MM: I was born in Detroit, MI in Women’s Hospital. Which I understand to be a hospital that had as its clientele, African Americans- obviously African American women who could not be serviced at the white hospitals in Detroit. I was born in Women’s Hospital and my mother and father lived on Hancock and John R.  They lived in an apartment building over there in a time which it was quite a pretty swanky area in which to live.  It was on the edge of what was known as Sugar Hill. And it was not far from Paradise Valley.  My father was a record store owner on Hastings Street. His named was Joe Von Battle and he owned a record store and recording studio that he had opened in 1945 on Hastings Street the address 3530 Hastings. He opened his record shop after the ending of World War II.  He had previously worked in a factory.  He had tried various jobs. He worked in the Eastern Market.  He came to Detroit in the 30s.  He came to Detroit with his first family, his first wife and their children.  They had four children. The first ones were born in the South and the later one or two in the North, here in Detroit.  He was here with his first wife and children.  He was working in various jobs because in that time even though there were periods in which there were labor shortages, because of the tremendous need for labor in the automotive factories.  There was also intense segregation at the same time. So that blacks were limited as to what jobs they could actually get even during times of labor shortages. Eventually, he ended up in auto plants. Which I believe one was the Hudson plant and he worked two jobs for a period of time which many people did during those days.  It’s hard to see today, in a time at which we have very little manufacturing in Detroit.  It’s hard to imagine the extreme presence of manufacturing facilities that were here in Detroit at that time. You know in Detroit there would be factories just in the neighborhoods.  People working in the neighborhoods.  There would be little corner factories of small manufacturers, automotive suppliers—well not so much suppliers—but ancillary production because in those days, the automotive industry had not necessarily decentralized their production. Everything the auto company needed, the auto company created. They had seat departments, steering wheel departments, leather departments and all of this. Over a period of time, these ancillary industries that fed into them became subsidiary industries or separated industries, but bottom line is many, many people worked two jobs. They would go to one job, my father literally had a period of time in which he would work in one plant and then he would cross the street—I believe this was on Jefferson—and he would go work in the other plant for 8 or 10 hours and this went on for a long period of time, months and years or whatever. And I’m told by my elder brother, Joe Van Battle Jr., who was my father’s second oldest child, his only son of his first family, he tells me that my father worked in the factory and did various jobs and at the ending of the war [World War II], the soldiers that were returning from the various theaters of war began to come back home to Detroit, because the automotive plants had be transitioned into war production.  When this war ended, the auto plants went back to automotive production and the soldiers went back to their jobs and due to the agreements they had, the auto companies allowed them to come back to their jobs, with their seniority-I suppose and the blacks that had managed to move into some positions in the plant while many of these white soldiers were gone had to be bumped out of the plants. So there was a higher amount of unemployment particularly around black soldiers where we get the adage, “Last hired, first fired” that was very much in play during that period of time in the mid 40s. So my father doesn’t have any gainful employment for a period of time. Even before that my father had an episode where he was diagnosed with tuberculosis.  Tuberculosis was a very virulent and not uncommon affliction.  Particularly the Black Bottom area of Detroit which was heavily populated, it was teeming with residents.  Many of whom were coming up from the south- by the hundreds every day. People were coming here. They were escaping the segregation and the Jim Crow in the South and the degradation that were living with there.  But they also were coming here to enhance their lives because of the lure of factory pay, because Henry Ford had made his famous offer to Americans, “Come here to my plant in Detroit to be paid $5 a day,” which is an astronomical sum particularly to share croppers who were working for virtually slave wages, virtually nothing. So they were coming here still by the droves, even by the 40s they were coming here.  So my father’s family who had come here a couple decades earlier had settled into the Black Bottom area and gradually moved upward into the Brewster projects. Today when we look at project home developments, we tend to regard that as hardscrabble existence.  However, during the time of Detroit’s housing shortage and housing crisis and coming from the dilapidation that existed in Black Bottom and the extreme crowding, the Brewster Projects was a significant step up into middle-class housing.  A lot of times, when they talk about Diana Ross coming from the Brewster Projects, it is said in order to affirm her hardscrabbled roots, however, in reality the Brewster Projects were a real center of upward mobility.  Of people who were working people, who needed substantial housing.  There’s a reason why the Douglas towers stayed up for so long.  Because the sheer substance of those places.  I mean, they were built to last!  And they were substantial housing.  The projects were very well made, well-constructed. So they were a step up from the very crowded conditions in Black Bottom.  One of the problems in Black Bottom was the constant threat of tuberculosis, because of unsanitary conditions, because of the close quarters in which people lived.  In Black Bottom, people lived, often more than one family in a place. People came here from the South and they would offer their cousins or other people to come stay there to get their feet on the ground.  But what you also had was segregation that compelled people to stay in Black Bottom.  You only had a few other exceptional enclaves in which people lived in Detroit. Those exceptions sort of proved the rule. Black Bottom was essentially the place where black people lived in Detroit. You also had a small enclave of people that lived in what’s called the A-B-C streets: American, Brighton, Central and it was a 9 or 10 square block enclave of black people who lived in the midst of basically a completely Polish neighborhood which fed into the Mackenzie High School.  That was a very unusual black community there.  They were very close knit.  They lived not far from this area that I’m speaking of, between Tireman and Grand River, East of Livernois.  That was a small enclave of blacks.  That’s where my mother grew up.  You also had another enclave of blacks that lived in the area around 8 mile a small community that lived on the Detroit side of 8 mile.  Then you had another community of blacks that lived on the other side of 8 mile in Royal Oak Township. Which was sort of like a segregated area of Royal Oak that they maintain its Township designation to keep blacks from living in the actual cities of Royal Oak or Ferndale or what have you.  But there was another area that blacks lived.  You had the city of Inkster.  Which I understand to be created by Henry Ford in order to house his workers.  You a community in Highland Park that lived on the Northwest corner of Highland Park who were also, Henry Ford had a very special relationship with Highland Park and these were people that also worked in and around the Henry Ford System, but were not yet by the 1950s only just beginning to move into what’s called the big houses of Highland Park.  They weren’t there yet at that point, generally.  And then you have Conant Gardens which is very special.  Because Conant Gardens was a community that was founded by Shubael Conant.  Can I just keep talking about this?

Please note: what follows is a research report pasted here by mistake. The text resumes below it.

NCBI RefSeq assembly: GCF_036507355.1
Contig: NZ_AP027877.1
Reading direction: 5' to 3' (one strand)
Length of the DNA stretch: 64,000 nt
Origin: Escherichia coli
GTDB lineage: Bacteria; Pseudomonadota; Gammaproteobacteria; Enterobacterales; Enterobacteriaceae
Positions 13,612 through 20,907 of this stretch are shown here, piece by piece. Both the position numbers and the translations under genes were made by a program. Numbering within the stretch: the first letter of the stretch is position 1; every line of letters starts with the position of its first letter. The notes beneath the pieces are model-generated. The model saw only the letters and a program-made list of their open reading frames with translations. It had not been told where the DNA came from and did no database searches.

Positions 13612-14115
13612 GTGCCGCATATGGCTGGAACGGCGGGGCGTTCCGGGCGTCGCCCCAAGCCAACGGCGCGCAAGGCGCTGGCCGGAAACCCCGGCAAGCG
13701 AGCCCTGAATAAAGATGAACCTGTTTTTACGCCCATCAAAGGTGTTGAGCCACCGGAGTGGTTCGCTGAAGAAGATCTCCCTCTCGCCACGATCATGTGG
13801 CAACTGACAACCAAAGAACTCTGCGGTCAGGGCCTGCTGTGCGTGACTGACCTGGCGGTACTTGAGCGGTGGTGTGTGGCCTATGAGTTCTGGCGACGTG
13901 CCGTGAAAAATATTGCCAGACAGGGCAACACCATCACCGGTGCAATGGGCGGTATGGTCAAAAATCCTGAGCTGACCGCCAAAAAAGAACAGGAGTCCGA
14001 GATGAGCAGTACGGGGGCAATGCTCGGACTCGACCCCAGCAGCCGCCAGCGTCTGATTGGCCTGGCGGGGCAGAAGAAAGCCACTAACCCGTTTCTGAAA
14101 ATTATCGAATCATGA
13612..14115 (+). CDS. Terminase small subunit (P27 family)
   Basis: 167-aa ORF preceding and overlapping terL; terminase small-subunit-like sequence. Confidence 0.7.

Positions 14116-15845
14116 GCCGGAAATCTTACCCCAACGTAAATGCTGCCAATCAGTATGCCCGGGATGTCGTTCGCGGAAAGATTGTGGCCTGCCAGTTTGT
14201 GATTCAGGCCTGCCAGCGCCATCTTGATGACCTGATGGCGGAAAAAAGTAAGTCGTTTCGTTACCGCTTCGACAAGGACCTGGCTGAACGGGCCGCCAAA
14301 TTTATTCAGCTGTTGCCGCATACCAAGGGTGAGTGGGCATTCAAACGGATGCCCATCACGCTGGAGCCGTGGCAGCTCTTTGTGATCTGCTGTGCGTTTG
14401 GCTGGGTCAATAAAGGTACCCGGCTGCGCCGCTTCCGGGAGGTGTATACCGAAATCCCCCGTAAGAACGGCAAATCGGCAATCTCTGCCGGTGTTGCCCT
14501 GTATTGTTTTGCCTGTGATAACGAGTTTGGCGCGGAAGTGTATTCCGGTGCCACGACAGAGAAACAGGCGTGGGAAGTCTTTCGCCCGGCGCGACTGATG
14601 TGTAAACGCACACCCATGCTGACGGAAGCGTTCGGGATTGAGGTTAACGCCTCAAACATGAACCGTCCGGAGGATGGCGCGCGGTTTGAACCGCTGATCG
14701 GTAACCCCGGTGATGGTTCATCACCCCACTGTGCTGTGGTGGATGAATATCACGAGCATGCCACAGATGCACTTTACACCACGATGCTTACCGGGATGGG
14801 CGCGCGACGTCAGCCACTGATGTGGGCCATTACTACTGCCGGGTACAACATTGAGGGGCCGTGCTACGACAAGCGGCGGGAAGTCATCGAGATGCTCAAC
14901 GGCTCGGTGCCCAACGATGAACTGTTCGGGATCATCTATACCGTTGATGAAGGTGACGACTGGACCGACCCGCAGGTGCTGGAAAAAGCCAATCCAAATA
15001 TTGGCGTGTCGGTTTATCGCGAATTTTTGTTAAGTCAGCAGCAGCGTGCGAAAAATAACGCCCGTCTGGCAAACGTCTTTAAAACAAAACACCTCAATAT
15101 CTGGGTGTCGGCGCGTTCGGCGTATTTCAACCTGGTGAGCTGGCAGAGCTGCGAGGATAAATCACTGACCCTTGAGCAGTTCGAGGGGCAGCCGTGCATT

TV: Sure. No this is interesting.